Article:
Stocks began the week in a decline as investors thread carefully while waiting for decisions on interest rates in the coming days. This follows the worse week for stocks in most parts of the world since they dipped to their lowest this year in June.
Tumbling Shares and the Wait
Shares in Europe and the US dropped sharply, likewise for those in Australia, China, and Hong Kong. Japan has no activity due to a national holiday while the UK also has no activity as it observes national mourning in respect of the late Queen. There was no cash trading in the course of the European and Asian sessions.
Note that the S&P 500 index dipped by close to 5% in the past week which was its poorest outing since the 17th of June. While that happened, the two-year Treasury bond yields also performed poorly, ending the week at 3.87%. The market’s apparent weakness is a result of its expectation that the Federal Reserve would implement a huge interest rate increment at its policy meeting on Wednesday, as well as concerns that the hawkish policies will lead to a recession.
Investors also expect to be faced with volatility on other fronts such as the Bank of Japan, the Bank of England, and others that are set to announce their policy decisions. The British Pound fell to its lowest depth against the US Dollar on Friday while the Japanese Yen continued to be pressured. The US Dollar index experienced just a little change in that time.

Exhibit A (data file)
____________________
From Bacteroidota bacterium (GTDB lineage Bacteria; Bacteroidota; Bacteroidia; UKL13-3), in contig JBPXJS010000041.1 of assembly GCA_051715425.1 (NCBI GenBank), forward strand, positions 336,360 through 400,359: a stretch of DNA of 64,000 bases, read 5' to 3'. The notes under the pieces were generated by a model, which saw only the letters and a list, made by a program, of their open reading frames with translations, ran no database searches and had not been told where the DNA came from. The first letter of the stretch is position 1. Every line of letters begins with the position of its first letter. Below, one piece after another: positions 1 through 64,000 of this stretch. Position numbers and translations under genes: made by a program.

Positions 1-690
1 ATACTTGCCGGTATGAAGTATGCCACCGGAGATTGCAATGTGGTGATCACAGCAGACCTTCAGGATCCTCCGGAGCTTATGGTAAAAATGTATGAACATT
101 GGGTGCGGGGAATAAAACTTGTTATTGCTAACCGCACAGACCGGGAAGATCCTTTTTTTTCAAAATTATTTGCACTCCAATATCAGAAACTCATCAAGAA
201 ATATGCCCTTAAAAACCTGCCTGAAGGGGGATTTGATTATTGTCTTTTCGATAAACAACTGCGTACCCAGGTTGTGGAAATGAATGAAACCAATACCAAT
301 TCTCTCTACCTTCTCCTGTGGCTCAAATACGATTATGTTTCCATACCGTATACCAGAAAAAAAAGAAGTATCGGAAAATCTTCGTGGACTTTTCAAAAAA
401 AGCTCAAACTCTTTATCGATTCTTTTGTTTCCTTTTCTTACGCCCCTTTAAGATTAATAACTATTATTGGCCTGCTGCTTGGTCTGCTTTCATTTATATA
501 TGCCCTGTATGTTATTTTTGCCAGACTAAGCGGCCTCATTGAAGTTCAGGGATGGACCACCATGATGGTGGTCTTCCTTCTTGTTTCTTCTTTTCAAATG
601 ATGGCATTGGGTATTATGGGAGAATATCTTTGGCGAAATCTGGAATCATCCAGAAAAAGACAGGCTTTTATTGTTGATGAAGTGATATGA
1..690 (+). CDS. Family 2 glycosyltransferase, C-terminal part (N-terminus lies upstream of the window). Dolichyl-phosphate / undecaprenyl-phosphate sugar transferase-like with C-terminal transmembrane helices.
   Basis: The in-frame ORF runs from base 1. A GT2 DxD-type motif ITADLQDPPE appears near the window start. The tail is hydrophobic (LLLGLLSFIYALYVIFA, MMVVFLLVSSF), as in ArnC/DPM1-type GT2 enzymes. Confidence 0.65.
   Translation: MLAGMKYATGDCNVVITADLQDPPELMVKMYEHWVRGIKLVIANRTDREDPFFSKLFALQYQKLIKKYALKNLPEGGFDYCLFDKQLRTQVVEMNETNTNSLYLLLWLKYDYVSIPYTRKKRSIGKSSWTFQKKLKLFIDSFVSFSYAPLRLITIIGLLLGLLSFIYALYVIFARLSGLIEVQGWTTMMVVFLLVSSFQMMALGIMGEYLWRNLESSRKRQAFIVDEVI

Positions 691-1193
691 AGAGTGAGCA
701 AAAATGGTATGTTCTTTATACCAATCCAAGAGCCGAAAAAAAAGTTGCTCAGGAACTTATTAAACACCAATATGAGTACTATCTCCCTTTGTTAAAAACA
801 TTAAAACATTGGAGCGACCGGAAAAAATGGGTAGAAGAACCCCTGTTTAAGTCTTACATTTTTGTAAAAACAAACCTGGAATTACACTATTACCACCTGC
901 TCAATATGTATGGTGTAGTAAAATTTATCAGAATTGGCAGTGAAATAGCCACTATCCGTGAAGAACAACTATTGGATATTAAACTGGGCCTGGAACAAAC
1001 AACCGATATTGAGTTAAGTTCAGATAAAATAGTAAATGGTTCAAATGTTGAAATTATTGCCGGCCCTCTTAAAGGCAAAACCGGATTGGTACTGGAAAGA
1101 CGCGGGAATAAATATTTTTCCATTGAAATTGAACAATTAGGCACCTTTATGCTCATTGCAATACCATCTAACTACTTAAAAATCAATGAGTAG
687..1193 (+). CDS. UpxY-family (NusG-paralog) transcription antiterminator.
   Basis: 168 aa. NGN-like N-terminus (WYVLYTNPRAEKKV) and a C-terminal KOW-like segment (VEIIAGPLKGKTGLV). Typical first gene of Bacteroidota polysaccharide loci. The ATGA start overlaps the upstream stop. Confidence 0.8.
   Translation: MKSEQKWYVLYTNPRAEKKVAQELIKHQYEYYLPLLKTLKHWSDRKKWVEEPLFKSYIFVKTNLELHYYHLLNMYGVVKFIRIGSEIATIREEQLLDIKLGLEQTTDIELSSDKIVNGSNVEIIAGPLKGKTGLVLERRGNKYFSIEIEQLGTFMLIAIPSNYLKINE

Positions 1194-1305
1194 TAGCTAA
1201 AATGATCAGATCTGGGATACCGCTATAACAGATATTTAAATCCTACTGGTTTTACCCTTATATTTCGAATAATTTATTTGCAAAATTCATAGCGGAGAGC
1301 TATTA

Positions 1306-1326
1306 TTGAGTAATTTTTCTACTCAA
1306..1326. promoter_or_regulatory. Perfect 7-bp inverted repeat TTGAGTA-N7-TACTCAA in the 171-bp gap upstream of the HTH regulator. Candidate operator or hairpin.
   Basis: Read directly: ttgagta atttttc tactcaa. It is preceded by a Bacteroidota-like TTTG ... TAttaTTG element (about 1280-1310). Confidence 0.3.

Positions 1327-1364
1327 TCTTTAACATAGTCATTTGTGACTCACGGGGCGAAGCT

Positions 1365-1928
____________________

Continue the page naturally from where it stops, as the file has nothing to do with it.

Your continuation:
Re-positioning for the Days Ahead
JPMorgan’s Wendy Liu said to Bloomberg that everyone needs to wait till the Feds announce the new interest increment and then understand the direction.
The stock market’s slump got deeper when the US inflation report forced traders to increase their bet on the Federal Reserve’s rate decision. They generally priced in 75 basis points while some priced in 100 basis points of a rate increase when the Feds meets.
Traders, in a short period last week, priced in the Federal Reserve’s major policy rate to peak at 4.5% in March which the Reserve intensified efforts to curb inflation. The peak went up by a percentage ever since the last meeting of the Feds in July.
Citigroup’s Head of European Currency Strategy, Vasileios Gkionakis, wrote in a clients’ note that it is obvious that the Federal Reserve will show hawkishness as it re-iterates its commitment to curb inflation at any cost. Since the Federal Reserve’s hawkish position is fully priced in, a lot will now depend on positioning in the days ahead.